The ATF Asks Gun-Control Researchers How to Regulate You

posted on June 12, 2022

A recent report from the NRA Institute of Legislative Action (ILA) chronicles how the Bureau of Alcohol, Tobacco, Firearms and Explosives (ATF) is working hand-in-hand with anti-gun researchers to form recommendations that could have dire consequences for America’s law-abiding gun owners.

On May 17, the ATF released the initial “National Firearms Commerce and Traffic Assessment” (NFCTA) as a response to one of six actions President Joe Biden (D) called for last year in his so-called “Initial Actions to Address the Gun Violence Public Health Epidemic.”

“The heart of this project is a unique partnership between ATF and members of academic institutions,” the document explains in the acknowledgements section.

Unfortunately, to produce the report, the ATF partnered with well-known anti-gun advocates, such as University of Pennsylvania professor and criminologist Anthony Braga, Sanford professor emeritus Philip J. Cook, Garen J. Wintemute of the University of California-Davis and Alaina De Biasi of the California Firearm Violence Research Center. That’s a “unique partnership,” indeed, since all are advocates for more-restrictive gun-control laws.

The main focus of the recommendations is expanding the power and scope of the ATF—a self-serving goal in a document produced by the agency. Recommendations include increasing agency funding to develop a data system to identify Federal Firearms Licensees (FFLs, or gun dealers) who failed to file an Annual Firearms Manufacturing and Exportation Report (AFMER) form, increasing funding to boost staffing to allow for enhanced outreach and education to licensed importers on the requirement to file ATF Form 6A within 15 days of clearing the US Customs and Border Protection agency and providing funding for the ATF to study Curio & Relic (C&R) firearms—in spite of the fact that the ATF doesn’t allege that the current C&R scheme has had a detrimental effect on public safety. The agency also wants to create a permanent Analytics Division at taxpayer expense, which would undoubtedly be used to produce material designed to advocate for more gun regulation and increasing the ATF’s power.  As the NRA-ILA noted, the NFCTA also “spends significant space defending ATF Final Rule 2021R-05F concerning the “Definition of ‘Frame or Receiver’ and Identification of Firearms,” which seeks to make it more difficult for Americans to exercise their longstanding right to make their own firearms for personal use. NRA-ILA filed extensive comments opposing ATF’s perversion of federal law, which readers can examine here. ATF is also hoping to more than double the number of Industry Operations Investigators (IOI)—those ATF agents tasked with performing compliance investigations of FFLs.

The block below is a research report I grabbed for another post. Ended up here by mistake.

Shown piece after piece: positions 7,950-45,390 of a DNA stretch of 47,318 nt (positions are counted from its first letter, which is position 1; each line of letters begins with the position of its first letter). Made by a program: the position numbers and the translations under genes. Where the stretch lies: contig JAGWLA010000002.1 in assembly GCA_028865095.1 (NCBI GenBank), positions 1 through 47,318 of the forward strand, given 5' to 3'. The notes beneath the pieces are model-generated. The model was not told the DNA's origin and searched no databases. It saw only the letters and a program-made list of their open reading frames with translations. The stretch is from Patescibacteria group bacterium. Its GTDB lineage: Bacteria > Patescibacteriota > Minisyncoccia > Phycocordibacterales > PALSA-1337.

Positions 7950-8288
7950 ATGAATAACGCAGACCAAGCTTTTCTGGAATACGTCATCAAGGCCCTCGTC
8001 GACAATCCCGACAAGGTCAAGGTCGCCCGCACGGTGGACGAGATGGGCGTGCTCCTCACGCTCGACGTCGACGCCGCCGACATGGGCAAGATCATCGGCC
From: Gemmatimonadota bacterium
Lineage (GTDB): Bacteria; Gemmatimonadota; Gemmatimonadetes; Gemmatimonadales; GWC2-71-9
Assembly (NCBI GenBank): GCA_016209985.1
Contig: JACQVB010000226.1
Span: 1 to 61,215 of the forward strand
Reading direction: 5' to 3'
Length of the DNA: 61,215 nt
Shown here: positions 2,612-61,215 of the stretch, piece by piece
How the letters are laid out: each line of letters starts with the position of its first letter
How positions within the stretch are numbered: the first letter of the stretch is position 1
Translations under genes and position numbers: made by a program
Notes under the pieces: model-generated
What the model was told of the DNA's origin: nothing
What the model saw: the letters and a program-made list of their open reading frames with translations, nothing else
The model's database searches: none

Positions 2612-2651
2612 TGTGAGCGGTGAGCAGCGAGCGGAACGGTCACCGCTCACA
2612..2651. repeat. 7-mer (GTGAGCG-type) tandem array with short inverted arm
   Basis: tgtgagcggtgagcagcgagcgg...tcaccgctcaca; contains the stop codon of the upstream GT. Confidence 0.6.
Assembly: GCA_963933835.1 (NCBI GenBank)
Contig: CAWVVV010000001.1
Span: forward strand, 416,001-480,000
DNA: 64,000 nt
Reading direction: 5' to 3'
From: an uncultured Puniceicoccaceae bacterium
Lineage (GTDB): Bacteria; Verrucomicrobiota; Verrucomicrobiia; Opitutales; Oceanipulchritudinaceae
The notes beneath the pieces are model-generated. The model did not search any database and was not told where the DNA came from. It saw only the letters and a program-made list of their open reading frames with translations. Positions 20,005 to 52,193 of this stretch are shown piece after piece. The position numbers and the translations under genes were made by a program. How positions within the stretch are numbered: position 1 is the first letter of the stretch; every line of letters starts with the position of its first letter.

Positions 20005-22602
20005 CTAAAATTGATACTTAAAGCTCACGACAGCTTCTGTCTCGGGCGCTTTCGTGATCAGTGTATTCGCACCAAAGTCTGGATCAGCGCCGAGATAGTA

This is simply another part of the Biden administration’s attempt to weaponize the ATF against what the president calls “rogue gun dealers” he claims are the main cause of violent crime. His highly touted “zero-tolerance” policy has a clear aim to reduce the number of FFLs for reasons as small as simple clerical errors, which then would make it harder for law-abiding Americans to exercise their Second Amendment rights.


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